Don’t let the stats fool you — the Patriots’ defense played well against the Jets’ running game. Their biggest issues came when Smith scrambled, as they were unable to stop him on a 3rd-and-14 with 5:51 to go in the third quarter, and then two plays later as he juked CB Marquice Cole on his way into the end zone. But without Smith’s 30 yards on his four runs (not including QB kneels), the Patriots held the Jets running game to 145 yards on 46 carries, good for 3.1 yards/attempt. Rookie DT Joe Vellano had his best game as a pro, grading at +3.1 against the run on his way to picking up six stops. The Jets came at him a number of times but he held up well, showing power to stack and shed guard Willie Colon at the 2:25 mark of the third, and later swimming past him with 9:20 to go in overtime as he also took out the fullback’s block and got in on the tackle.

In addition to Vellano, LB Brandon Spikes did his usual fine work blowing up blocking schemes, as he graded at +4.2 in the run game and notched eight stops of his own. He destroyed guard Brian Winters’ pull block with 5:11 to go in the second before getting in on the tackle for a short gain. Spikes may be at his best when New England goes to their 3-4 alignment and he gets up on the line, effectively playing as an extra defensive tackle. He did this with 12:30 to go in the fourth quarter as he knifed past Colon, took out the fullback, and forced the running back to cut back right into his waiting teammates.

Despite missing DT Vince Wilfork and LB Jerod Mayo, the run defense stout against the Jets, save for some missteps on quarterback scrambles.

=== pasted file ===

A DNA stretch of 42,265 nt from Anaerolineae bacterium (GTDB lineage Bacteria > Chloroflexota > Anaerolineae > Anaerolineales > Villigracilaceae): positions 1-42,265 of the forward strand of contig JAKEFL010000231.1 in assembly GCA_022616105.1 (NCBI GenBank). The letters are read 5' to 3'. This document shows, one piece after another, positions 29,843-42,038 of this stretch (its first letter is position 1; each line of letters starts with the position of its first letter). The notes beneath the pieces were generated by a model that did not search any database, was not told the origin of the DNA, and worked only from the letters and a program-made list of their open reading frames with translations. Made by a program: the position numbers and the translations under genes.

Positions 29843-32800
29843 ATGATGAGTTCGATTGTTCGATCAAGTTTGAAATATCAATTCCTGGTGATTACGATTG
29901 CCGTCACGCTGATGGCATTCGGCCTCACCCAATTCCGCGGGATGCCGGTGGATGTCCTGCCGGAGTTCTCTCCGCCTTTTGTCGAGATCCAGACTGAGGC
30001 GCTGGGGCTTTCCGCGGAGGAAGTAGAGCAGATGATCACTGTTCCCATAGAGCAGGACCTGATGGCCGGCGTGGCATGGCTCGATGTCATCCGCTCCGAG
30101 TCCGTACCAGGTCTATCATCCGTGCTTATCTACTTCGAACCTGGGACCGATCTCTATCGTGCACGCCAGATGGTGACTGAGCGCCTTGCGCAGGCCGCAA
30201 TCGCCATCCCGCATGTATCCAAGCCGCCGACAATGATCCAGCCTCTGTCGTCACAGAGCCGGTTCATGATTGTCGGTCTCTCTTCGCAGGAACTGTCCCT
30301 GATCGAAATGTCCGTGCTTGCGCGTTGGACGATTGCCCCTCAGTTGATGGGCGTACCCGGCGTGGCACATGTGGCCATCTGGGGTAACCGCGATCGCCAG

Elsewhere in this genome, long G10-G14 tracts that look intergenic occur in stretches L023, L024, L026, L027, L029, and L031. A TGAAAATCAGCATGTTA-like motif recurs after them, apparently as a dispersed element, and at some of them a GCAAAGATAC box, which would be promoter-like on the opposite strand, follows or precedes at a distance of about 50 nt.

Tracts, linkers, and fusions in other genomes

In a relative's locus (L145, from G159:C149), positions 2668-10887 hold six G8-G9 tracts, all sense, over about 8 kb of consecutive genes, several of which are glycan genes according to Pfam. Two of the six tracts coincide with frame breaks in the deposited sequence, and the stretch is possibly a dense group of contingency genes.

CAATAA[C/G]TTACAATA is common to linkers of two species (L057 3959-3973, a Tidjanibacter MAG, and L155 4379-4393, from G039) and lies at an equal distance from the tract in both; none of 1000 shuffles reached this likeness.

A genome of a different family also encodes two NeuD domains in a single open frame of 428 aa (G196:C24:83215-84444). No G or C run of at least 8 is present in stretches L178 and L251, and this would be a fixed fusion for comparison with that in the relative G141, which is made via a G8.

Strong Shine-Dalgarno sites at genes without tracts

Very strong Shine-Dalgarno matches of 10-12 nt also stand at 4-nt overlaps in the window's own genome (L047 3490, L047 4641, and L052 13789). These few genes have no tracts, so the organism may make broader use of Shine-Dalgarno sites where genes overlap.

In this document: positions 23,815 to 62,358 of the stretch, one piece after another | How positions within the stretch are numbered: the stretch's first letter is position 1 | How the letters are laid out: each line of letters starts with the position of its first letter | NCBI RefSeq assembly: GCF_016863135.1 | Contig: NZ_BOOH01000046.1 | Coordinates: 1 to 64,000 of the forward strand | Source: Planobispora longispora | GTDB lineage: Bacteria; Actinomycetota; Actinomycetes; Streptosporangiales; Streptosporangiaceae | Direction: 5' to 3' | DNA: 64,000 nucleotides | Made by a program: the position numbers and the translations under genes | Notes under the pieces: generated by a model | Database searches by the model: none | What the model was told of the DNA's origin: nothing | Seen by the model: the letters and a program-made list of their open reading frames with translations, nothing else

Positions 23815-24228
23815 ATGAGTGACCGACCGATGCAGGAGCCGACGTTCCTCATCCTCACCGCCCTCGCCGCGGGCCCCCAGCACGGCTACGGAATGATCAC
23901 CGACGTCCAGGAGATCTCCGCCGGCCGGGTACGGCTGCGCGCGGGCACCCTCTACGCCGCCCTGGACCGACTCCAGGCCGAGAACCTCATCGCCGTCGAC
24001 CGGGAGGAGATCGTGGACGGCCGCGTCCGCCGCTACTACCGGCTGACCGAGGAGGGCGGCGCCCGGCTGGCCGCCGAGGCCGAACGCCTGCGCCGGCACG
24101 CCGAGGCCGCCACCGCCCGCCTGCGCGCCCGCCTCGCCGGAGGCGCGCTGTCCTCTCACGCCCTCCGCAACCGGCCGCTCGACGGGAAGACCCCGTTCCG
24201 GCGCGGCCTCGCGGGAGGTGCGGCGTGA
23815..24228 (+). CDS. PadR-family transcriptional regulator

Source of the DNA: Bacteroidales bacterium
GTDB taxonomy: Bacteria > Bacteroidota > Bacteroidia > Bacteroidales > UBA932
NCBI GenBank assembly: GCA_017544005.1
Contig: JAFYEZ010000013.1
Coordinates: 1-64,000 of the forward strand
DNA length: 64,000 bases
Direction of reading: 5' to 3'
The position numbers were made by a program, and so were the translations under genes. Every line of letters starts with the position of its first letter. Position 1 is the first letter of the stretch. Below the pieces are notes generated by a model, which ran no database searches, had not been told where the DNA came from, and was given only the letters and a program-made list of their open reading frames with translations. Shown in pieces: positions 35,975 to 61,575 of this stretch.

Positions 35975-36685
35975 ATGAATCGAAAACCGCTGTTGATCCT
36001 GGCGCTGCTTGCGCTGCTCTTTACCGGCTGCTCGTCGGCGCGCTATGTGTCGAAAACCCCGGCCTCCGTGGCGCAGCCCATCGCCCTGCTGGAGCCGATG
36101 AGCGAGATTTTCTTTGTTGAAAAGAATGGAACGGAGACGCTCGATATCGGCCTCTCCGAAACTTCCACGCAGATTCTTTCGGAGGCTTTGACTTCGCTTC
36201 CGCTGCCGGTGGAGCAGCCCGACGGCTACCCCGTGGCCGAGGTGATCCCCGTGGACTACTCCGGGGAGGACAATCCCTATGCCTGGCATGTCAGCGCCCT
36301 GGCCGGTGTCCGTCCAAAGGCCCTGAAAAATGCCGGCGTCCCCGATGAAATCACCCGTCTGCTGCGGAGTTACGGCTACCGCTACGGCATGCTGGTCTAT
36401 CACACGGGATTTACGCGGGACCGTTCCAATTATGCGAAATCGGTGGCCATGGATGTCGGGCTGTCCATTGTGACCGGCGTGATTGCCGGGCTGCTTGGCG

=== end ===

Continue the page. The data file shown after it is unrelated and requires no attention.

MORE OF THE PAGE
New York – Three Performances of Note

Wilkerson Controls the Action

Perhaps the story of the season for the Jets has been the play of its defensive line, but mostly the surprising efforts from rookie DT Sheldon Richardson and second-year DT Damon Harrison. The anchor of the group, however, is Muhammad Wilkerson, and he’s continued to dominate after a relatively slow start to the season. He graded at +5.0 for the game, with an identical mark against the run. He had his way with center Ryan Wendell and RG Dan Connolly throughout much of the game, particularly at the 4:18 mark of the second quarter when Wilkerson shrugged off a holding penalty from Wendell to still make the tackle on the running back for a 1-yard gain. He showed well as a pass rusher, beating Wendell almost immediately off the snap with 0:37 to go in the second quarter, and later moved to the edge and beat LT Nate Solder to the inside for a sack at the 4:33 mark of the third. Wilkerson was the best player on the field for the Jets on Sunday.

Matching Up with Gronk

Teams have spent a lot of time in recent drafts looking for hybrid safeties to cover the league’s best tight ends, and SS Antonio Allen was likely drafted in the seventh round of the 2012 draft with Gronkowski in mind. He got a little taste of it last season in their Week 7 matchup, but the plan was in full force on Sunday as Allen was in coverage on 14 of Gronkowski’s 17 targets. There were mixed results Sunday, though most will remember Allen’s big plays. He cut off Brady’s poor throw on the crossing route for the interception, adding a nifty return to put it in the end zone. He also got his hands on the two aforementioned passes, one down the sideline and one up the seam. So while he made some plays, Gronkowski got the better of Allen a number of times as well, picking up four first downs on his eight receptions. Allen almost went from hero to goat as he nearly gave up the go-ahead touchdown late in the fourth, but Gronkowski was unable to haul in the one-handed catch. Throw in a defensive holding penalty, and this was clearly a back and forth battle. When you add it all up, Allen finished with a -0.2 coverage grade, which is not too shabby considering he went up against the league’s best tight end with little help. He certainly showed well enough to make this a viable strategy for years to come in the AFC East.